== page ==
A global crisis in engulfing the global business of sport and the collapse of the giant Sportworld company in England on Friday has huge implications for Australian sport, as Patrick Fitzgerald reports.
Only last week in a confidential agreement the company walked away from a marketing partnership that came with a 15% equity holding in the troubled National Basketball League (NBL).
After guaranteeing to pay somewhere between an estimated $2 to $3 million annually to the NBL for all marketing, TV and signage rights, which was just one of a multitude of international sports rights properties now imploding across the entire spectrum of world sports. The formerly high-flying acquisitive company that owns among other Australia companies, the Boyer Group through the acquisition of its UK parent Sports and Outdoor Media International (SOMI) and leading sports management company Elite Sports Properties (ESP), and active sports group Infinite Management Solutions (IMS), was worth more than $800 million at the height of the media boom.
It’s share price last year reached a high of around 775p and when its shares were suspended earlier this month at 5 1/4p, its implosion has further highlighted the crisis that is now hitting sports rights globally.
Post September 11, global advertising has been significantly contracting across all media, but it’s the global sports market that’s been hardest hit. Global giants including News Corp, which has faced massive recent write-downs on its premium US TV sports, the failed German media giant the Kirsch Group that includes among its sporting rights the next two soccer World Cups and Formula One, ISL the company that previously bought the FIFA rights through Kirsch, ITV Digital that has also (like Sportsworld) just gone into receivership leaving the English Football League still owed 178.5 Pounds just half way through a three-year deal, has left sport reeling.
With significantly falling ad and sponsorship revenue, set against inflated values for over-priced sports rights and the purchase of companies like ESP, Sportsworld’s strategy meant it was being crunched at both ends of the market. The market first became aware of deep problems when the company was forced to issue a profit downgrade and its share price went into freefall in February, amid concerns as reported by the Financial Times, over its accounting practices and a profits warning. Its credibility with the UK market was then left in tatters.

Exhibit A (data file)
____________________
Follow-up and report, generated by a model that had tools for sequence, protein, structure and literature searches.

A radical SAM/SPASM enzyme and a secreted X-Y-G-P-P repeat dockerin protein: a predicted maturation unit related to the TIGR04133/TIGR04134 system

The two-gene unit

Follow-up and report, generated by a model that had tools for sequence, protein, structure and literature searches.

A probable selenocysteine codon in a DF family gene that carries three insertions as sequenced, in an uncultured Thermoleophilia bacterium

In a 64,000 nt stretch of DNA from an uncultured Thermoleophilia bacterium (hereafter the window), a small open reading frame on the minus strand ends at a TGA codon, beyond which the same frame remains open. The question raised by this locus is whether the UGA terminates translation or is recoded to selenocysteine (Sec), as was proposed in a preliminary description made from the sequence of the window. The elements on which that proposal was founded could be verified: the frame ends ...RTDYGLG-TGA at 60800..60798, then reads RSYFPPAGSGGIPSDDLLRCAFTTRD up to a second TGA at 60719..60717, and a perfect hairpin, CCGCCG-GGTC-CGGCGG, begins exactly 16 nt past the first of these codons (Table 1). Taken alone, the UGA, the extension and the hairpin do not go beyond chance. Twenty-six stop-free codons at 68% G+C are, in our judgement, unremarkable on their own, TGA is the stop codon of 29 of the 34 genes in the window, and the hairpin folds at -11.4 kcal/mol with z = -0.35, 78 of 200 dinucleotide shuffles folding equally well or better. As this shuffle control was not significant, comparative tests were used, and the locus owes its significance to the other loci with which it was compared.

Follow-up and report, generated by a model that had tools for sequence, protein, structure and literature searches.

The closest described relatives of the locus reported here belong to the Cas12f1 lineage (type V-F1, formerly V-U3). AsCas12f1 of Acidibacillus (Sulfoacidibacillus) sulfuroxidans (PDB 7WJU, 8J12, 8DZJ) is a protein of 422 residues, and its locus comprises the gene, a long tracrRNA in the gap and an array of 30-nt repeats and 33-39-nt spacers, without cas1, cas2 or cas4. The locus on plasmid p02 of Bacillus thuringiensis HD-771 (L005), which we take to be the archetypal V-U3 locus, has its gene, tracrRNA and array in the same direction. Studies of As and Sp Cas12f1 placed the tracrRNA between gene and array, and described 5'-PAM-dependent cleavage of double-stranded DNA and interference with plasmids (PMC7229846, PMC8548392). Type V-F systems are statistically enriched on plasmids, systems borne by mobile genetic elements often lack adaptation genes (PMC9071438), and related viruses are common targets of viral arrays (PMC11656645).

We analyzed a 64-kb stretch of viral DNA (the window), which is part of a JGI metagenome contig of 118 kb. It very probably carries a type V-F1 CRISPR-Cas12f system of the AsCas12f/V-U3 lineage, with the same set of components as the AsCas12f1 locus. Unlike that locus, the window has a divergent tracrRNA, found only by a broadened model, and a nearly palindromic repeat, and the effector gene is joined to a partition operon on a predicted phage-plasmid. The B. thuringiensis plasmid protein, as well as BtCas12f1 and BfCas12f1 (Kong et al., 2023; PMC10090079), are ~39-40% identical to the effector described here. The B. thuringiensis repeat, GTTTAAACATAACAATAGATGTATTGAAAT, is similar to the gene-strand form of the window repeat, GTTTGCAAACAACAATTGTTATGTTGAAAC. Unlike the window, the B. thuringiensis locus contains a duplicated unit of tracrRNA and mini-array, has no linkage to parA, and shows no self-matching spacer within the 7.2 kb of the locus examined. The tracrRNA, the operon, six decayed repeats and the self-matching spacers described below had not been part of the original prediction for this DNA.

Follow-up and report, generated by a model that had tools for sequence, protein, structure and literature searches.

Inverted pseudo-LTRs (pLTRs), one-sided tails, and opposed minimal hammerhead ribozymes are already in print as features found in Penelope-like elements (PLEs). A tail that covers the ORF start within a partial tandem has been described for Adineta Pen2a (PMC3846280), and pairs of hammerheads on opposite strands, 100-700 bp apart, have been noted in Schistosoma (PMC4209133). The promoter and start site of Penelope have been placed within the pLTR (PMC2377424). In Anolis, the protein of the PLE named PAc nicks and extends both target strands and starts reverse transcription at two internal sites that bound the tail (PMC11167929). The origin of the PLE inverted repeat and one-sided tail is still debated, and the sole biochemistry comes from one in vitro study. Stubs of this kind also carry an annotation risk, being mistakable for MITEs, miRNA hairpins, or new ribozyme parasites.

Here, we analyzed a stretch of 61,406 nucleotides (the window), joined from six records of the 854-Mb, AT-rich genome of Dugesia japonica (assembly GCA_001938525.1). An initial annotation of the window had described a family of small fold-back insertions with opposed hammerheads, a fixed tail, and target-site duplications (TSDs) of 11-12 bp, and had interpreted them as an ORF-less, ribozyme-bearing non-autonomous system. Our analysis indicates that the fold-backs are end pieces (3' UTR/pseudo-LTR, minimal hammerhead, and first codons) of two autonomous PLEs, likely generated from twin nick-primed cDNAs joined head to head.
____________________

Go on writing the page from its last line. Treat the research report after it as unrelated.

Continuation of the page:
The company under former Australian ad-man Geoff Brown (no relation to Eddie McGuire and the AFL’s lawyer Jeff Browne) had in the past two years heavily committed to not only developing international TV shows including the UK Pop Stars franchise, and sports-based management companies, but began doing long-term sporting rights deals with international associations including International Triathlon Union and the Association of Surfing Professionals, as well as moving into the extreme sports market, particularly in the US. There are also allegations being investigated by authorities concerning potential irregularities in Brown’s share trading activities and employment of his wife among other matters.
Price Waterhouse Coopers have been appointed administrative receivers to the company. David Hargrave, a PWC partner told the FT: “The board has worked hard to try and secure a restructuring of the group over recent weeks but the cash needs of the parent company were such that insufficient funds existed to conclude the sale process.” The company had tried to sell itself as a going concern but will now be broken up or seek alternative financing (most unlikely) to restructure its debt. Sportsworld’s subsidiaries – employ 300 staff at offices in the UK, US, Melbourne and Sydney, will continue to trade under existing management.